Compro VideoMata U2800F DVB-T Receiver Tested In Belgium

Others/Miscelleneous by geoffrey @ 2009-05-07

Classic analog antenna broadcastings are soon to disappear all around the world and in most cases being replaced by a digital version, in some occasions you might even run into full high definition video broadcastings. Great news for wireless receivers out there, DVB-T is an excellent way to watch quality video wherever you want, but is it really? We tested a Compro VideoMate Vista U2800F USB DVB-T receiver on Belgian grounds and the outcome is not always what you would have wished for... read on!

  • prev
  • next

VideoMate U2800F: inside the box

VideoMate U2800F: inside the box

Madshrimps (c)

Founded in 1988, Compro Technology develops and markets PC graphics and multimedia products. With our highly motivated and experienced engineers, innovation is the main focus at Compro. By combining the latest hardware and software technologies, we can provide high quality products to the rapidly evolving PC market.

Initially focused on OEM business Compro firstly introduced an own branded product in 2001, in cooperation with NVIDIA Personal Cinema was born quickly followed by launch of the VideoMate brand in 2002. 2003 brought VideoMate PCI and USB TV tuners with many exclusive features, awarded worldwide by their innovations Compro went to further extend their product range from mainstream up to the high-end. Later on the ISO 9001 certification added ensured quality products for the customers. 2005 was the great break-through for Digital TV and off course many new Compro products: complete stand alone units and hybrid TV devices.

Today we're having a look at the Compro VideoMate Vista U2800F, a hybrid analog/digital USB 2.0 TV/FM receiver stick which can provide 1080i HDTV quality television as well as DVB-T radio:

Madshrimps (c)

Key features:

  • Watch TV on laptop or desktop PC with USB 2.0 interface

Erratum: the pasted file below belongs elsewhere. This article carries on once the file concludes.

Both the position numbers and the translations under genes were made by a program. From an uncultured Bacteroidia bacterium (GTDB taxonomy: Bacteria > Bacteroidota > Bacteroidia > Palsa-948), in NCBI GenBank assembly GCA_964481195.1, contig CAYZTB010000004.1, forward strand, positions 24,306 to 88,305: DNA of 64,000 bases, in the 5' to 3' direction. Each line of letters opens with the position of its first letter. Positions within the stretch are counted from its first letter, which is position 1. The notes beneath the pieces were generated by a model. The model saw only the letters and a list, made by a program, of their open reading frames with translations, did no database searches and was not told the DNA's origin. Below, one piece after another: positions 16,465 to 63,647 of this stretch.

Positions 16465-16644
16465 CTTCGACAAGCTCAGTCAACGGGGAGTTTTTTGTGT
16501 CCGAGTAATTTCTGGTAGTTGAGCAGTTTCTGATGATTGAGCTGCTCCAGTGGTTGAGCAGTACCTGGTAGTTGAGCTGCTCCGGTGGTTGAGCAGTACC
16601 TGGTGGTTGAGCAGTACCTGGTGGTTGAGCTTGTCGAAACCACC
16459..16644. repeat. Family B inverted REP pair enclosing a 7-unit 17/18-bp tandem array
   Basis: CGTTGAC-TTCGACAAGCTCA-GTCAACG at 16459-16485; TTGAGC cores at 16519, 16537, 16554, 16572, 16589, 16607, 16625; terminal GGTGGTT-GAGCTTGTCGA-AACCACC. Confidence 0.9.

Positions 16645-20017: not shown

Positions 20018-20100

• Hybrid digital terrestrial or analog TV/FM reception
  • Worldwide analog TV (NTSC/SECAM/PAL) reception
  • Included Microsoft certified MPEG-2 encoder support TV watch/record in Windows Media Center of Vista Premium/Ultimate
  • Bundles with Microsoft certified remote control for Windows Media Center and USB IR receiver
  • All-new ComproDTV 4 software with Vista Gadget, DTV Add-In, and integrated the scheduling list from Windows Media Center.
  • All-new ComproDTV 4 supports multiple Compro TV card/box devices which allow you to install, watch, and record at the same system
  • S3 (standby)/ S4 (hibernation) mode power up scheduling
  • Support SDTV and 1080i HDTV (where available)
  • USB bus powered, no external power adaptor required
  • Timeshift and instant replay live TV
  • Advanced PIP/POP feature allows up to 5 windows watch including one playback recorded video file, 1 main and 3 sub digital TV channels watch at once
  • Video Desktop to setup the live TV screen as wallpaper mode
  • Straight-to-Disc recording to VCD and DVD discs
  • Customize Brightness, Hue, Saturation, Contrast, Sharpness, and TV/audio format in each TV channel
  • Customize channel order and my favorite list
  • Digital TV Support EPG, subtitle, Teletext (not support MHEG-5 UK Digital Teletext Service)
  • Single/Multiple still frame captures and remote snapshot
  • Support MPEG-1/2/4 in analog TV and video capture
  • Capture analog video from Composite or S-Video
  • MPEG-2 and TS record/playback in digital TV
  • Supports digital radio reception (not DAB type)
  • Certified for Windows Vista 32/64 bit

    For such a small device you get a whole lot in return, you can watch DVB-T television at HD resolution, DVB-T radio stations are also supported but in case there is no DVB-T signal you can always choose to hook up the FM antenna and listen to analog radio broadcastings as well as watching analog TV broadcasting. In Europe however there is a complete Analog Switch Off planned for 2012 and with DVB-T around I don't really see the point to purchase this product for watching analog TV via the 'ether'. Aside of this the VideoMate U2800F is also able of capturing analog composite and S-Video signals. With the hardware TV tuner comes a very complete software package: recording, customizations, EPG, subtitling, Teletext, video windowing... but more on that later.